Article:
|The following is an excerpt taken from the article, “Training Workers.” For more information please visit www.osha.gov.|
Train workers before hot outdoor work begins. Tailor the training topic outline to cover employer-specific policies and worksite-specific conditions. A single worksite may have some job tasks that are low risk for heat-related illness and others that are high risk. Training will be more effective if it is matched to job tasks and conditions, and is reviewed and reinforced throughout hot weather conditions. The following training topics may be addressed in one session or in a series of shorter sessions.
- Risk factors for heat-related illness.
- Different types of heat-related illness, including how to recognize common signs and symptoms.
- Heat-related illness prevention procedures.
- Importance of drinking small quantities of water often.
- Importance of acclimatization, how it is developed, and how your worksite procedures address it.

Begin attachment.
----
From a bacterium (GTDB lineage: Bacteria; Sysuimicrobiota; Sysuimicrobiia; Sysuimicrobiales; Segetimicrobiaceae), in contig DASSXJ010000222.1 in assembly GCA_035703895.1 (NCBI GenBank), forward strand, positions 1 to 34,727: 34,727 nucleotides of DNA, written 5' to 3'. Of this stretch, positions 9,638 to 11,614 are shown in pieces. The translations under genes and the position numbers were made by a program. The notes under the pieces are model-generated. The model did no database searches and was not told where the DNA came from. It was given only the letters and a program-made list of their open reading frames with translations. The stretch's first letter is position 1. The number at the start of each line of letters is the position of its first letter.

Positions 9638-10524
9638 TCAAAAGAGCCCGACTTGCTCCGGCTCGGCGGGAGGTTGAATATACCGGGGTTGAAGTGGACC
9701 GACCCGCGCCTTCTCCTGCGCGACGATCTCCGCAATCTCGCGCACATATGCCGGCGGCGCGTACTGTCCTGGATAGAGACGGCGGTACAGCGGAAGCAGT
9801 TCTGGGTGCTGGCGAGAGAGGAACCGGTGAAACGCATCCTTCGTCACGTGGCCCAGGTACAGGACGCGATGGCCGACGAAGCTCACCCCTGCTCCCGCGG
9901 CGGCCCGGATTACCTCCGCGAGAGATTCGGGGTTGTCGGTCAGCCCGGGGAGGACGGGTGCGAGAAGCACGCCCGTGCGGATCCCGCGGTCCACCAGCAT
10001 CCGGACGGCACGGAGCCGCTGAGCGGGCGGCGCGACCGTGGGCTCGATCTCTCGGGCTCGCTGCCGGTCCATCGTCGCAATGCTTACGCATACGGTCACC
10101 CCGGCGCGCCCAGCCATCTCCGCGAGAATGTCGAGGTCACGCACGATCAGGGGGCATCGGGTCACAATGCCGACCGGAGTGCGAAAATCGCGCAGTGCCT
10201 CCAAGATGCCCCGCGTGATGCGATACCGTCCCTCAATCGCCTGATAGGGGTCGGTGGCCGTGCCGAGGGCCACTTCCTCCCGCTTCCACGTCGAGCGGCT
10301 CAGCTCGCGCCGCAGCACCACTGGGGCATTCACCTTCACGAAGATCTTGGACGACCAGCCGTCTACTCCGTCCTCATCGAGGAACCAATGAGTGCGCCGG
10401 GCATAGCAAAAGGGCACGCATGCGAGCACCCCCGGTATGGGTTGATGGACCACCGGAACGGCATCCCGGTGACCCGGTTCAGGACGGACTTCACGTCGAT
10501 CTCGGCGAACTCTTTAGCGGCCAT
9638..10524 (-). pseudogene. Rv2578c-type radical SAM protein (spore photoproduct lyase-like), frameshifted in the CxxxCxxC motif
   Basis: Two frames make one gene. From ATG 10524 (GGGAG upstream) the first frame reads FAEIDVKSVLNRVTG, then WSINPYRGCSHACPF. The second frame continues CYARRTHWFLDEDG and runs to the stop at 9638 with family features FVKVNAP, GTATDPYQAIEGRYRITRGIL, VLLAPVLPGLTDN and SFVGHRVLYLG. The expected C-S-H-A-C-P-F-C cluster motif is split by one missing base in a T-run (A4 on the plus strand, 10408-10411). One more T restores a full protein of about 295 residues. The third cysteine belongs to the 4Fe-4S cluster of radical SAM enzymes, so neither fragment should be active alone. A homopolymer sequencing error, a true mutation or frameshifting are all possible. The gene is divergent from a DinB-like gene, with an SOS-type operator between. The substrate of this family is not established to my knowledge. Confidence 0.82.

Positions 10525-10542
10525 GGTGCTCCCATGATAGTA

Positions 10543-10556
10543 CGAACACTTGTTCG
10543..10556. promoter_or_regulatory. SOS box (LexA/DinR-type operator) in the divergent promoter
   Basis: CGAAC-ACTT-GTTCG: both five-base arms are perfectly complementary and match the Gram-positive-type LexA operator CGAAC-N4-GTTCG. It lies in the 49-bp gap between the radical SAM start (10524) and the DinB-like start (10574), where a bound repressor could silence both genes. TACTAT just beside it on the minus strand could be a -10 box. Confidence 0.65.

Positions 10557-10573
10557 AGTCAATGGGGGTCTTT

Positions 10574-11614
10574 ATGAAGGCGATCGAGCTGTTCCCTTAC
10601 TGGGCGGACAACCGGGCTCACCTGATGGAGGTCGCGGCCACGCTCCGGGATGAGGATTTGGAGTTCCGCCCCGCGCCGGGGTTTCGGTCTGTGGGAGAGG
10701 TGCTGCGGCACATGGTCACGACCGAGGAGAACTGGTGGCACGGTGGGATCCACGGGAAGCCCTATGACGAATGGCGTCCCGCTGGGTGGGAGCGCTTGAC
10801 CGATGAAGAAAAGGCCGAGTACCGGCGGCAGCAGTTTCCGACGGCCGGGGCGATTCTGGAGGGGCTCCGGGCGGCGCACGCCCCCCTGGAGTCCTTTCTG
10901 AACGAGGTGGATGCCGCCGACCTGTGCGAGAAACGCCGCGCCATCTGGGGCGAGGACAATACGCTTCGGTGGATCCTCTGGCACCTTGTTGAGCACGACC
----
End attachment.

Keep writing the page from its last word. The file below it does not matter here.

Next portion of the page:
- Importance of immediately reporting signs or symptoms of heat-related illness to the supervisor.
- Procedures for responding to possible heat-related illness.
- Procedures to follow when contacting emergency medical services.
- Procedures to ensure that clear and precise directions to the work site will be provided to emergency medical services.
|Factors that May Cause Heat-related Illness|
|Environmental||High temperature and humidity
Direct sun exposure (with no shade) or extreme heat
Limited air movement (no breeze or wind)
Use of bulky protective clothing and equipment
See Training Resources for heat-related illness prevention training tools and resources. Also see OSHA’s Heat-Related Illness Prevention Training Guide [7 MB PDF*, 43 pages] for one tool to help you train your workers. The training guide includes instructions for teaching workers about heat hazards and a daily checklist to make sure all appropriate precautions are in place each workday. OSHA’s factsheets and worksite posters (in English and Spanish) can help in communicating key messages about heat safety and health. Some labor and industry organizations offer industry-specific guidance for protecting workers, such as wildland firefighters [823 KB PDF, 2 pages], that face heat exposure under special circumstances. Inquire whether your industry offers any special guidance, or adapt information from industries with similar situations.